In the richest countries in the world, wealthier people tend to be thinner.
But in Uganda, one of the poorest countries, where almost half of the population eats fewer calories than they need each day, excess fat is often a symbol of wealth, making it difficult to obtain bank loans. help, according to an upcoming article in the American Economic Review.
It is not surprising that obesity is an important indicator of wealth in places where food is scarce.
But a new study points out that poorer countries also lack information. And in those situations, loan officers use whatever evidence they can find to make important financial decisions.
“Given the lack of readily available and robust information in poor countries, wealth signals, including obesity, play an important role in economic interactions in which individuals seek to assess someone’s wealth.” said Elisa McKee, assistant professor of economics at Brown University.
As part of the study, Makki tested 238 loan officers at 146 financial institutions in the capital, Kampala. She asked them to review applications from fictitious potential borrowers with photographs attached. Manipulated to be thin or fat.
It is not uncommon in Uganda to attach a photo of yourself when submitting a loan application, and it is also used by loan officers as part of the information to decide whether to grant the applicant an initial interview. Makki said it could become a department.
What she found was that loan officers were more likely to rate an applicant as creditworthy and financially sound if a fat version of the photo was attached.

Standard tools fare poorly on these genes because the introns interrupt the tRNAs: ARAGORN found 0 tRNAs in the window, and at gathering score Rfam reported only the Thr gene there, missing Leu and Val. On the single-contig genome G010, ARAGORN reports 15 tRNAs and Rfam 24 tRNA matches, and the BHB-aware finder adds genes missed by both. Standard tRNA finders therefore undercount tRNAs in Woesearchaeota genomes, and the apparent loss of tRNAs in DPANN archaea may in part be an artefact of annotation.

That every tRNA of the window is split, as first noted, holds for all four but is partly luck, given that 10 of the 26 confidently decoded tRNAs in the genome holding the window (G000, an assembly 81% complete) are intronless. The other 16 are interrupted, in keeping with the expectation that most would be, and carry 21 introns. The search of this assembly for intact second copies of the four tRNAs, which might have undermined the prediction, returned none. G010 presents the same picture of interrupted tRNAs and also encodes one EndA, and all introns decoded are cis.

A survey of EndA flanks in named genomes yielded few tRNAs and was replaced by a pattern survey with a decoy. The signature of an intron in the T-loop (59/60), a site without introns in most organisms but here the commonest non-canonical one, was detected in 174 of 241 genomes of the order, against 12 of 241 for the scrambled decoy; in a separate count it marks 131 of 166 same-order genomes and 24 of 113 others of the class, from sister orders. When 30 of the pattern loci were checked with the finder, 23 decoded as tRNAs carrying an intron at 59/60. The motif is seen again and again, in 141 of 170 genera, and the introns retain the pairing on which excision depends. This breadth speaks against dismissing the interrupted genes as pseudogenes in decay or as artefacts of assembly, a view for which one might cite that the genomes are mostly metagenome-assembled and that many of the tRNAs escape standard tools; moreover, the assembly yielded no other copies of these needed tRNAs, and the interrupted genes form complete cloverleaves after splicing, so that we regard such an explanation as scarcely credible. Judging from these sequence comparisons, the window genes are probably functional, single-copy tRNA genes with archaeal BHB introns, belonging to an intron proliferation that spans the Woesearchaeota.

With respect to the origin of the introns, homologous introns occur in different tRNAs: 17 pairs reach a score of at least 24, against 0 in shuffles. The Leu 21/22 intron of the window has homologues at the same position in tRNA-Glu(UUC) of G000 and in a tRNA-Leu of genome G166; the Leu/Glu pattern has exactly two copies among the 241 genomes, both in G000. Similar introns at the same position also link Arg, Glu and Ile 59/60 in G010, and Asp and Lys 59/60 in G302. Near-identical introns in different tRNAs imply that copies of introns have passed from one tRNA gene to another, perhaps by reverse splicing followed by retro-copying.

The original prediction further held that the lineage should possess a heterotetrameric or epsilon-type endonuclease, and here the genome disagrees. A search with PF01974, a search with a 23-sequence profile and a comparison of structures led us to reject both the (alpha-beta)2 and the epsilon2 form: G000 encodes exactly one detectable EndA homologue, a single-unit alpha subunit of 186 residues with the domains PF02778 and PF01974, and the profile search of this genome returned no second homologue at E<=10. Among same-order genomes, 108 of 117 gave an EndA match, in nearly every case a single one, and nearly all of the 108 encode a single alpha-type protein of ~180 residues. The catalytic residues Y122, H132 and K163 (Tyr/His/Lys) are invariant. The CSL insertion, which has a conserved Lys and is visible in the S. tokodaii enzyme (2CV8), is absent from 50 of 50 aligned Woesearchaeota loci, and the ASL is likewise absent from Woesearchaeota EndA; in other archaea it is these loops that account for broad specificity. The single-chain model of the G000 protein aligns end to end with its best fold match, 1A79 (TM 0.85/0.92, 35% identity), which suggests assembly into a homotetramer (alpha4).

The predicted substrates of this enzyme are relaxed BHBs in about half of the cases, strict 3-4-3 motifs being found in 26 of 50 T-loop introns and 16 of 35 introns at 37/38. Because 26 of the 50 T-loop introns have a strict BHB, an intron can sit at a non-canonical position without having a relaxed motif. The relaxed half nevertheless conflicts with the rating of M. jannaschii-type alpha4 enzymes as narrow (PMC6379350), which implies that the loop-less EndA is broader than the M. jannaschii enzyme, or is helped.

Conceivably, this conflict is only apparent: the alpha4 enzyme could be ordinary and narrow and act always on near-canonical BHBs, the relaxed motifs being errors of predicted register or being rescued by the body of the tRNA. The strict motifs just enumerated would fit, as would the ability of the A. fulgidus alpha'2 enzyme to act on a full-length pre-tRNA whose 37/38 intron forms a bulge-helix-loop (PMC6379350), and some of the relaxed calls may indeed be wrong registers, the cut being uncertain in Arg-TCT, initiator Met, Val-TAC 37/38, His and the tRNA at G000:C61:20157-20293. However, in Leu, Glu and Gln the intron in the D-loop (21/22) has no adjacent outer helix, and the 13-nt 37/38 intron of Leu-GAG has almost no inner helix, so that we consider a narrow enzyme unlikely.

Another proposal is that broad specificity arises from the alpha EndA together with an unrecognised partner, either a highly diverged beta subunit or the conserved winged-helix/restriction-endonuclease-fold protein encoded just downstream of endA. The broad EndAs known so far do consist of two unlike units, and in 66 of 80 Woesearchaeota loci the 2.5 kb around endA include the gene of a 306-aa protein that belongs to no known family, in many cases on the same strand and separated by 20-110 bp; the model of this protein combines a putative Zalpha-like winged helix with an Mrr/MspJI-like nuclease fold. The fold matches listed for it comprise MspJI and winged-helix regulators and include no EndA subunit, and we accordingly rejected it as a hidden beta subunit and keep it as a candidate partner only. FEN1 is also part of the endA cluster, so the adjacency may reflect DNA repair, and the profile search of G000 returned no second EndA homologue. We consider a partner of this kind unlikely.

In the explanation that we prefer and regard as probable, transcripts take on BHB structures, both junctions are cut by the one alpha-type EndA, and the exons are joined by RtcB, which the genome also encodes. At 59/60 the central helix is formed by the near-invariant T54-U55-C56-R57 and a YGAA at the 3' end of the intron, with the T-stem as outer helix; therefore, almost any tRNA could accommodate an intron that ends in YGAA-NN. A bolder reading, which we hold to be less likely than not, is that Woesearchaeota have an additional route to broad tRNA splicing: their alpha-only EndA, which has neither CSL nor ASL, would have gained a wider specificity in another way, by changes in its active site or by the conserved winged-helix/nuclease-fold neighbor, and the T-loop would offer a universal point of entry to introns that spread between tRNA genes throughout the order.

“The obesity premium is large, corresponding to a 60% increase in borrowers’ self-reported income in the experiment, or the effect of additional assets such as car ownership,” the study concluded.
Historically, obesity has been prized in parts of sub-Saharan Africa. Mauritania was once notorious for its brutal force-feeding practice to make young girls eligible for marriage. This practice is called force-feeding, which comes from the French term for force-feeding geese to produce foie gras. Fat was considered a sign of family wealth as well as a cultural ideal.
Obesity has recently become an increasingly alarming health risk on the continent, a trend that follows that of the richest countries, where obesity is often correlated with poverty. The easy availability of cheap, highly processed foods with little nutritional value allows people to satisfy their hunger without promoting their overall health.
In developing countries, changes in diet, lack of physical activity, and use of multiple modes of transport, especially in urban areas, contribute to weight gain.
“Africa faces a growing problem of obesity and overweight, and the trend is increasing,” said Masidiso Moeti, the World Health Organization’s regional director for Africa, in a statement last year. “If left unchecked, millions of people, including children, are at risk of short lives under the burden of poor health.”
Studies have found that obesity is associated with more severe illness and hospitalization in COVID-19 patients.
The World Health Organization and other international organizations have begun working with Kenya, Tanzania and Uganda to develop programs and standards to promote healthy eating and physical activity.
But despite science-based recommendations, such as the perception that fat indicates wealth, cultural ties and stereotypes often persist.
But in the end, facts outweighed perceptions, at least for Ugandan loan officers. Lenders took advantage of better information provided about loan applicants’ income, collateral and occupation, lowering the so-called obesity premium.
“The good thing is that it’s not so fixed,” McKee said of preconceived notions about wealth and weight. “When we give them information, they react to it immediately.”